As the execution broadcast begins, Flavius is killed in a botched attempt to rescue Kirk; Kirk manages to kill the Master of the Games and two guards before Marcus sends the remaining guards to finish him; on the Enterprise, Scott uses the ship's tractor beams to cause a power blackout in the city, allowing Kirk to free Spock and McCoy.[3] Merik has a change of heart and signals the Enterprise with a stolen communicator to beam up Kirk and party, for which he is fatally stabbed by Marcus. The landing party dematerializes just one second before the guards open fire with their submachine guns.

Back on the Enterprise, Spock expresses surprise at a sun-worshiping cult preaching universal brotherhood, opining that sun worship was primitive superstition, with no such philosophy behind it. Lt. Uhura, having monitored the planet's communications all this time, has the answer: "It's not the sun up in the sky. It's the Son of God." The Captain is astonished: "Caesar and Christ. They had them both. And the Word is spreading only now."[4][5]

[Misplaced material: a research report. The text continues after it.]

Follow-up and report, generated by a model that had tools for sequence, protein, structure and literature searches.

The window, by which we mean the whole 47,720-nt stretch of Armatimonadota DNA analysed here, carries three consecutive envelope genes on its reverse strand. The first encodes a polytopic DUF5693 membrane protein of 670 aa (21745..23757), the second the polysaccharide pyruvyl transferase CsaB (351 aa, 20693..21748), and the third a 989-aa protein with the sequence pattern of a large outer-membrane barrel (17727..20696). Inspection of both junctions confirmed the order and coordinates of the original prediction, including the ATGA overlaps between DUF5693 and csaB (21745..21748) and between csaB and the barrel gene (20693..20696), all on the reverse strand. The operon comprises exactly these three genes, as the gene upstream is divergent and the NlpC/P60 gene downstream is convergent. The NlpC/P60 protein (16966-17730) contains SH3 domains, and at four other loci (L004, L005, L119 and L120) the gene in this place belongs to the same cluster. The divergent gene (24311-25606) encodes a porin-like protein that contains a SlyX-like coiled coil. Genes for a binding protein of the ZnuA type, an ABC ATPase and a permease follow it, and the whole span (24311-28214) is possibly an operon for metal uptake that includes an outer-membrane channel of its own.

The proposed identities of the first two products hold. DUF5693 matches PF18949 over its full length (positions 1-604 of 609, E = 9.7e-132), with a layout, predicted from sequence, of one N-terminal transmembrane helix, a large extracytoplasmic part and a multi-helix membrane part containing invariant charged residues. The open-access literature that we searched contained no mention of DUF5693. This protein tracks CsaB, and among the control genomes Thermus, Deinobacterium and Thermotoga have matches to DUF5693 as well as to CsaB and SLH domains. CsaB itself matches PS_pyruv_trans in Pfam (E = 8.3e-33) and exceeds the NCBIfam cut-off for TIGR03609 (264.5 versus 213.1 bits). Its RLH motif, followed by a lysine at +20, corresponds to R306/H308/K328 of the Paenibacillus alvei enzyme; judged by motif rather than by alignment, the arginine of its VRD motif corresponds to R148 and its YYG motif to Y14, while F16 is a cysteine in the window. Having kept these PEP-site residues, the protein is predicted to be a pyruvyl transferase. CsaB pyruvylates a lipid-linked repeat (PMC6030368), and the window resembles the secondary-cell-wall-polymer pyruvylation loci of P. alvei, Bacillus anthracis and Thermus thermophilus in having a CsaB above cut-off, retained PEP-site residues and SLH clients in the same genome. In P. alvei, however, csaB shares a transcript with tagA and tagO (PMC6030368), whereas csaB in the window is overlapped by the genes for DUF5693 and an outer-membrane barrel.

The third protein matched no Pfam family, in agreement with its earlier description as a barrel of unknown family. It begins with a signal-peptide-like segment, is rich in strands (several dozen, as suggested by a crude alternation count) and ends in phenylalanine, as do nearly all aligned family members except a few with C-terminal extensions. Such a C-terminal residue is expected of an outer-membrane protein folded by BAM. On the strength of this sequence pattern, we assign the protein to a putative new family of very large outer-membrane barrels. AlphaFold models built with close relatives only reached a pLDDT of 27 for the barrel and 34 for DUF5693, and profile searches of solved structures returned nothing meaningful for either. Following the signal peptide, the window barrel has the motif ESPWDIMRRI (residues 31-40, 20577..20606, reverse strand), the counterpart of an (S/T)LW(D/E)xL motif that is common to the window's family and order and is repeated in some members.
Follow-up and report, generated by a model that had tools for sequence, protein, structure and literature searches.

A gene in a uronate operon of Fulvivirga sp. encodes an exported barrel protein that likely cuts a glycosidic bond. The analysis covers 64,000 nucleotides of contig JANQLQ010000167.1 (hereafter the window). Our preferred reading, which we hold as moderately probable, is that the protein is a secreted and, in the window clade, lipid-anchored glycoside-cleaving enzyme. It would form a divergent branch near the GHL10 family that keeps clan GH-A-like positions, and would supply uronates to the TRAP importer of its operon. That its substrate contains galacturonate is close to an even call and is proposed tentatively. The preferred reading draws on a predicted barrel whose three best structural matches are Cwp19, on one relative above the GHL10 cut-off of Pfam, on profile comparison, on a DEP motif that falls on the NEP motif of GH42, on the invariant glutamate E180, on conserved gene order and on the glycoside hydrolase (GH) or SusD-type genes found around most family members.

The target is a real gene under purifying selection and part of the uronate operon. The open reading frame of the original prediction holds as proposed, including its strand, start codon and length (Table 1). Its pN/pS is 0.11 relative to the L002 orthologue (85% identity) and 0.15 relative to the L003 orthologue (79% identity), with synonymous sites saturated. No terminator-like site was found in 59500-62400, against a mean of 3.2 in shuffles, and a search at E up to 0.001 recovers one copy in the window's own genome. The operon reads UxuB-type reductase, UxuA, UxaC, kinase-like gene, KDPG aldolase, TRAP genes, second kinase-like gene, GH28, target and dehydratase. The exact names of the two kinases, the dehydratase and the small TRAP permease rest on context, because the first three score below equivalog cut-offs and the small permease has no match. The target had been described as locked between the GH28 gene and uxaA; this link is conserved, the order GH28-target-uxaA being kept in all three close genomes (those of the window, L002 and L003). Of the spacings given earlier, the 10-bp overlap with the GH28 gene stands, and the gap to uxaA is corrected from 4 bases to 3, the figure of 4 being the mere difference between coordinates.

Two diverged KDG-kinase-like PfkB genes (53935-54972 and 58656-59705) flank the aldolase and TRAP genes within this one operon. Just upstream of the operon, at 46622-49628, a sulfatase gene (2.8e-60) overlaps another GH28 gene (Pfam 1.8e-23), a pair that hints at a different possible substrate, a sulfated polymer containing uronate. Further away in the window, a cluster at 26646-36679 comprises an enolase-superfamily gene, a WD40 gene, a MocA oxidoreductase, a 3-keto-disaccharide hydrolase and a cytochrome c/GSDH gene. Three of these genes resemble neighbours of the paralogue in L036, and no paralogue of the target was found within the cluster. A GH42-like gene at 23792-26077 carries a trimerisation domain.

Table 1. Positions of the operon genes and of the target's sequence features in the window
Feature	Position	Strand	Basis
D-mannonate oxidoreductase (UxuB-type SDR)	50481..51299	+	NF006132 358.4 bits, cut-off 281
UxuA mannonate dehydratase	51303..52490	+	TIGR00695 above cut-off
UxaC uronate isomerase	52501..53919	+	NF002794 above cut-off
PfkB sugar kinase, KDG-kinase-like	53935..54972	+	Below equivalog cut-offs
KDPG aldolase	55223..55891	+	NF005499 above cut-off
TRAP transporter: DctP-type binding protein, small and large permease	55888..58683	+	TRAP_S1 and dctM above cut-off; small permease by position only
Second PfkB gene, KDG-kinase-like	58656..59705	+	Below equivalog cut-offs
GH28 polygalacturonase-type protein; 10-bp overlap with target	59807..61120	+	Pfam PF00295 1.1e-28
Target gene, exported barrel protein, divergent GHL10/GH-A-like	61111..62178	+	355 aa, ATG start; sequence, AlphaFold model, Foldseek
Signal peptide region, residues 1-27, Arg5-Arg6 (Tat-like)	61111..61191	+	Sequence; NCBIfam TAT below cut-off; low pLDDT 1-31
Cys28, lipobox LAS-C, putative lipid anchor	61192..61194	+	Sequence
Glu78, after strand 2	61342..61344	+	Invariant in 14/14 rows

The submachine guns used by the Roman guards in the episode are Danish Madsen M-50 submachine guns.[6]

Lois Jewell said in an interview that two costumes were made for her character, a grey slave outfit and the revealing evening wear she entertained Captain Kirk in. Of that she said, "That was a very exotic costume. It was made by the designer who designed everything for Star Trek. It wasn’t like they went, “Well, let’s throw this on.” It was designed and it was made, and they had to make sure, in the fitting, that it fit properly. And I wore that. I still get a lot of comments when I’m at the Star Trek shows about that costume. Everybody talks about that costume."[7]

The character Claudius Marcus wears the Shakespeare coat of arms on his costume, one of many examples of Shakespeare in Star Trek.[8][9]